Health risks from mutation of genes – an abnormal baby would be a nightmare come true. The technique is extremely risky right now. A particular worry is the possibility that the genetic material used from the adult will continue to age so that the genes in a newborn baby clone could be – say – 30 years old or more on the day of birth. Many attempts at animal cloning produced disfigured monsters with severe abnormalities. So that would mean creating cloned embryos, implanting them and destroying (presumably) those that look imperfect as they grow in the womb.
One of the manor Disadvantages of cloning is that there is a continuous debate relating to the ethical issue of cloning. The concept of cloning is hurting a lot of human sentiments ans human believes. There is a lot of controversy regarding whether cloning is ethical or not. at the present time the controversy is storming the world and took a great shape. The whole world seems ti get divided in the issues relating to cloning. The Christianity as well as Judaism do not support the destruction of embryo or the creation of human being artificially.
Cloning has always been a subject whose thoughts both fascinates and frightens the world. On February 27, 1997, a stunning announcement appeared in the British journal Nature that rocked the scientific world: for the first time ever recorded, a mammal- a lamb named Dolly had been successfully cloned from an adult cell. Coinciding with this shocking proclamation, scientist reported the successful cloning of a rhesus monkey, a primate whose reproduction and development is almost identical to man.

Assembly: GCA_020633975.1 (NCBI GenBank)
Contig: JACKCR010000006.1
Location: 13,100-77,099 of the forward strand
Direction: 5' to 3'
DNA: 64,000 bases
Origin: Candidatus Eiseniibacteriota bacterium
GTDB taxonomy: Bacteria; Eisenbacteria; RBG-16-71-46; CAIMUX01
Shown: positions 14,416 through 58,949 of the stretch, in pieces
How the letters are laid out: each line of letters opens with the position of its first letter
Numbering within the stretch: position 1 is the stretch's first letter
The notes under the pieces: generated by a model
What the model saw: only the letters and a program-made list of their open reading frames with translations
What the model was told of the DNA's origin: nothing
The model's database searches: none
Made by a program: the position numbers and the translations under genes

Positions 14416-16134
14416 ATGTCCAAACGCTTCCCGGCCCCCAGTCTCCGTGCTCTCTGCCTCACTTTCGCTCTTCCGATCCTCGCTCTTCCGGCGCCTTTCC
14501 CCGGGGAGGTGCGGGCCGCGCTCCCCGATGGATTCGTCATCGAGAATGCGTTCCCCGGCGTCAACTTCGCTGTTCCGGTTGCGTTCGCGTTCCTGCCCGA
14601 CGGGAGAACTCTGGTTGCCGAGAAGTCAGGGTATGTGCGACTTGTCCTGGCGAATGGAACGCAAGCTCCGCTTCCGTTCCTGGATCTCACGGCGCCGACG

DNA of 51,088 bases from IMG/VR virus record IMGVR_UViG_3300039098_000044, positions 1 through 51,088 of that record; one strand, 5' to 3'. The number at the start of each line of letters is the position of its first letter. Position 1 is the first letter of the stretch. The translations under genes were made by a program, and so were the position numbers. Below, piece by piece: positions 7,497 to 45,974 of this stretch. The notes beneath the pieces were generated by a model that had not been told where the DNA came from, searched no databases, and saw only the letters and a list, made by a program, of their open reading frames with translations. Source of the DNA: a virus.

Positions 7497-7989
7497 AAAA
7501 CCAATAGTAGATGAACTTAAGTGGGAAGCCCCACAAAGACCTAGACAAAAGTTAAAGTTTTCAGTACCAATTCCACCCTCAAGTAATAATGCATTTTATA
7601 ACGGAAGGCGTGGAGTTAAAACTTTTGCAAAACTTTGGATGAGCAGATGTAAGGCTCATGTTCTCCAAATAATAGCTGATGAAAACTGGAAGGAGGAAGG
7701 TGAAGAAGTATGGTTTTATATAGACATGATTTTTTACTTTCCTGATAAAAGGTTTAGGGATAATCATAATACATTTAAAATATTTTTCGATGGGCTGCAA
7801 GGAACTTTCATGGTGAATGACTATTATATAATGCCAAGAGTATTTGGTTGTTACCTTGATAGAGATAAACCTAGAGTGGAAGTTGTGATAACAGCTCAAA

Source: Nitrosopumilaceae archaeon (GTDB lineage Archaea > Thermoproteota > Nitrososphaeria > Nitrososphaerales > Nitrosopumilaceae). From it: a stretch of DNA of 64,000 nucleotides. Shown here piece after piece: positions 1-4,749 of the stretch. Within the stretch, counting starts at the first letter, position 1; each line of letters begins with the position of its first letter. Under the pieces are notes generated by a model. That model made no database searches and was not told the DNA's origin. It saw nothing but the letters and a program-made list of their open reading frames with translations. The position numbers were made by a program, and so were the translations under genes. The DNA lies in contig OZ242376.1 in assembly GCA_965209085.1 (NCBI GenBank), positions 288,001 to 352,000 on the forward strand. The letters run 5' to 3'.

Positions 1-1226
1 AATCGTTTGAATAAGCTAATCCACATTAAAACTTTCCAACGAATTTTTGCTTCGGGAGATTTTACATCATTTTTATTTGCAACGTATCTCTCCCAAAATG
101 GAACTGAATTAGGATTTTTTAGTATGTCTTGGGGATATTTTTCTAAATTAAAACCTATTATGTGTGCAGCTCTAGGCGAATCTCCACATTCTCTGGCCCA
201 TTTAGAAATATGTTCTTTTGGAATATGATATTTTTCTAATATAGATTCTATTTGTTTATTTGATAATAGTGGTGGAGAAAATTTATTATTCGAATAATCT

Potential Benefits of Cloning
Cloning Animals.-Cloning animals would serve many useful purposes and will be the focus of a major biotechnology industry. The immediate driving force at Roslin was to develop more efficient transgenic animals-animals which have been altered by the addition of genes of other species, such as humans. Current methods, which rely on microinjection of the desired DNA into the nucleus of an egg, are both unreliable and inefficient. If foreign DNA, such as a human gene, could be introduced into cell lines in culture, cells expressing the human genes could then be the source of donor nuclei for cloning. All offspring would then express the desired human gene.
Much current attention is now focused on altering the genes of cows or sheep so that they will produce large amounts of pharmaceutically important proteins in their milk, such as insulin or factor VIII to treat hemophilia. Indeed, it is this application which generated the Wilmut study-the desire to make a transgenic sheep that would include human insulin in its milk, thus providing an efficient source of that substance. There is also interest in producing pigs whose genes have been altered to produce a component of the human immune system’s regulatory proteins. This would make pig organs more suitable for human transplantation.
Source by peterhutch